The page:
The grounds of the local school of the small French town of St. Laurent Du?
GV School grounds PAN to gymnasium and people entering
SV Woman crying
GTV Coffins and mourners in gymnasium
SV Collapsed father being carried out
GV Multi-faith preachers reading service
GV PAN coffins and mourners
GV Crowd outside gymnasium - seen through door PULL OUT to GV of coffins and mourners
GV ZOOM IN preachers
GTV PAN ACROSS mourners and coffins
SV Female mourner carried out
GV PAN crowds outside gymnasium
Initials LD/PN/OS/219 LD/PN/OS/229
Script is copyright Reuters Limited. All rights reserved
Background: The grounds of the local school of the small French town of St. Laurent Du Pont near Grenoble, were crowded today (Tuesday) with the steady flow of mourners who poured into the gymnasium for the funeral service of the 144 young victims of the devastating dance hall fire of the early hours of Sunday morning (November 1). Many parents collapsed during the 15-minute service which was conducted by a multi-faith panel of preachers.
The gymnasium - the only building big enough to hold the 144 coffins in the small town - was the scene of pathetic and bewildered mourning as hundreds of parents and relatives still seemed unable to grasp the full facts behind the tragic event. Meanwhile, the official investigations, the blame and counter-blame, the recriminations and excuses, are giving rise to mounting public anger. Local security and fire officials are maintaining that the Club "Cinq-Sept" (Five-Seven) did not have the clearance and authority to open to the public. But the only surviving director of the dance hall, M. Gilbert Bas, and some of his employees have stated that the authorities did know it was in operation and that police had several times been called to settle fights in the hall.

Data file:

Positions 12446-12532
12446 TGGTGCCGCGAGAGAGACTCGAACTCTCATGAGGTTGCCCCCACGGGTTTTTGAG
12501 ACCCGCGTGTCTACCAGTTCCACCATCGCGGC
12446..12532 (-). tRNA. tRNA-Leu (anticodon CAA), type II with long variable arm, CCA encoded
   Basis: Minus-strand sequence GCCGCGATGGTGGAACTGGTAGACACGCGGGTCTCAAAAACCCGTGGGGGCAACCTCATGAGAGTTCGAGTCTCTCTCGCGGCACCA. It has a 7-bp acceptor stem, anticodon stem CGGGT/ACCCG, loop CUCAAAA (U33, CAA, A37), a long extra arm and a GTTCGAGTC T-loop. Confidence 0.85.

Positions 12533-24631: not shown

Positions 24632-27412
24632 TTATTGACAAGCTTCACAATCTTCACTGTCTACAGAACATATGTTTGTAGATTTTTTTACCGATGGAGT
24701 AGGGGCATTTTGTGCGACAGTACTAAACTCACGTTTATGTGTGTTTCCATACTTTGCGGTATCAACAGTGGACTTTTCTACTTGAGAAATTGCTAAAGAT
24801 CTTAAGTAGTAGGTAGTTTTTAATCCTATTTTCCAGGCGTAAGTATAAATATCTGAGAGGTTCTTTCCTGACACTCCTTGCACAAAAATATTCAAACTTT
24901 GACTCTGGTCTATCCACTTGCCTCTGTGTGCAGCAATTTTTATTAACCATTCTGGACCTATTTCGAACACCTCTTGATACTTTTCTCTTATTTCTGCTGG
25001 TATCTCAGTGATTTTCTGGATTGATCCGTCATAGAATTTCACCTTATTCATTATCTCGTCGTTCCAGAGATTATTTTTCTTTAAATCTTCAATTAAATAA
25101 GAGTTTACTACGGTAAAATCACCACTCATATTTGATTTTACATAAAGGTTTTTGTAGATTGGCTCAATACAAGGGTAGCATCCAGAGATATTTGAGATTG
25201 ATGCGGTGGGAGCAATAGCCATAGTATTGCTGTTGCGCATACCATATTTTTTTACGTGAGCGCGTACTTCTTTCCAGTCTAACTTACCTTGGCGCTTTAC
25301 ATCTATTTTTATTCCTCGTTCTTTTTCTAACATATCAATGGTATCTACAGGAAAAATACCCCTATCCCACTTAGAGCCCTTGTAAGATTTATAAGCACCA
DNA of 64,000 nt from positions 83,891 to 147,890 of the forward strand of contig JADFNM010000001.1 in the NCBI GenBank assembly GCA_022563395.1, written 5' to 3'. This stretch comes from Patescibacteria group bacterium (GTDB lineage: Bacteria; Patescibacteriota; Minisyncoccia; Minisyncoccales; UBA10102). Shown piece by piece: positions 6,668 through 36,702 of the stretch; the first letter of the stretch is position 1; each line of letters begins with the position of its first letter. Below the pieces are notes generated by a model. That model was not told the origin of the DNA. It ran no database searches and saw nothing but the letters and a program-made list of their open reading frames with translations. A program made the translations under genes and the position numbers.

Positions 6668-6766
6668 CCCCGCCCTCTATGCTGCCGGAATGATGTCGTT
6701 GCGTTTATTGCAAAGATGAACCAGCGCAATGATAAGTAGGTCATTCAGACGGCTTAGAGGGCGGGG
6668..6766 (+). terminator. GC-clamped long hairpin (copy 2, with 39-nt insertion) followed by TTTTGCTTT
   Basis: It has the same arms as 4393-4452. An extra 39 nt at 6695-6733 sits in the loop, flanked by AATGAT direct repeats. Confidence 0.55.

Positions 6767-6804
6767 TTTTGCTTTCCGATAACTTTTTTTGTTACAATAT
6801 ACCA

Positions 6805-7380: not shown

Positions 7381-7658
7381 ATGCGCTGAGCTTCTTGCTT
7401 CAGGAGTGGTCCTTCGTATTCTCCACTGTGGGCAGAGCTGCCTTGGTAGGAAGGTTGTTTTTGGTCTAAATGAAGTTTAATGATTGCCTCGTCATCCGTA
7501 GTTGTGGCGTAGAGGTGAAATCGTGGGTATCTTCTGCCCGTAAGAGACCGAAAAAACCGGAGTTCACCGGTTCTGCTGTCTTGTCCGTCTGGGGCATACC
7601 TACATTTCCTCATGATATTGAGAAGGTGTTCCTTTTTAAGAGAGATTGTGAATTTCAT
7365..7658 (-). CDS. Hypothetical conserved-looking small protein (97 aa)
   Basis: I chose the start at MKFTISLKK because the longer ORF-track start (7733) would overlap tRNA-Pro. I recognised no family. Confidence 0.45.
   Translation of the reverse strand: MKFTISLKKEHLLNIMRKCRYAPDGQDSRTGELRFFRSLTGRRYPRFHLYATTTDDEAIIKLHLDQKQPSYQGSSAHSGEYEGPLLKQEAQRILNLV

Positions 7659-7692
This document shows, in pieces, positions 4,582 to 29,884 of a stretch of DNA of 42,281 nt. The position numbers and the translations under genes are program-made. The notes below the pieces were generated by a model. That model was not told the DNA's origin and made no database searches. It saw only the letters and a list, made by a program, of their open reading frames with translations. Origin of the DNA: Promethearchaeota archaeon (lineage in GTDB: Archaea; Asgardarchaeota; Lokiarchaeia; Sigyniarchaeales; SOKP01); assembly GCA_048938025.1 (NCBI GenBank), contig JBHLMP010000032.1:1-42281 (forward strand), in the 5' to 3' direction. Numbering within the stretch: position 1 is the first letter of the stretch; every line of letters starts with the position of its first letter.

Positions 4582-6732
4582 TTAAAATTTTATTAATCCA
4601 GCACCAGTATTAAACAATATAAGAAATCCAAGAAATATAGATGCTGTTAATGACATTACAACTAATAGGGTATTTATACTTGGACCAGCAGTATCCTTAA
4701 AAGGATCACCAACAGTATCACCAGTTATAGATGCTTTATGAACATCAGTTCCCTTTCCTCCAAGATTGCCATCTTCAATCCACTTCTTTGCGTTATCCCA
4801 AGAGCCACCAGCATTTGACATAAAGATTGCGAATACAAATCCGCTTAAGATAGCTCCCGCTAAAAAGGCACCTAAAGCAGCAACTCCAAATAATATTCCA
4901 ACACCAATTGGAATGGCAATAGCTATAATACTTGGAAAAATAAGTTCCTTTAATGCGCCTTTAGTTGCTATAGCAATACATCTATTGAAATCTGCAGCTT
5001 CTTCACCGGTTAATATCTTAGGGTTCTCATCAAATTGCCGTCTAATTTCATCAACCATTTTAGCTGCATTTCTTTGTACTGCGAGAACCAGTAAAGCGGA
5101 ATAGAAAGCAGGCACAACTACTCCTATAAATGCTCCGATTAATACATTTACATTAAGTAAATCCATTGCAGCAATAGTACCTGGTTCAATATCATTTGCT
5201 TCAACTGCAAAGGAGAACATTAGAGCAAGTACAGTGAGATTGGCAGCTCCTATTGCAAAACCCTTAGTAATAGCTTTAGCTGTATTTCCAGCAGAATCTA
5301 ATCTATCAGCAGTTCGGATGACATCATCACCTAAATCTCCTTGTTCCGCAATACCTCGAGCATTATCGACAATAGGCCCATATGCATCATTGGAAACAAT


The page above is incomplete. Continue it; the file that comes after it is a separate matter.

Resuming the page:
Whatever the reasons, 142 young people-including two of the club's directors and five members of a new pop group-died in the blaze itself, 34 of them burnt totally beyond and form of identification. Two more died from burns in the next twenty-four hours. Whoever is to blame, there is no doubt that security precautions were limited, exits were blocked, much inflammable material was in use in the hall, there was no telephone. However, even if the firemen had been called immediately, survivors' reports would indicate that the fire was so quick that "it was all over in four minutes", and it would seem that little could have been done even if the firemen had been on the scene any sooner.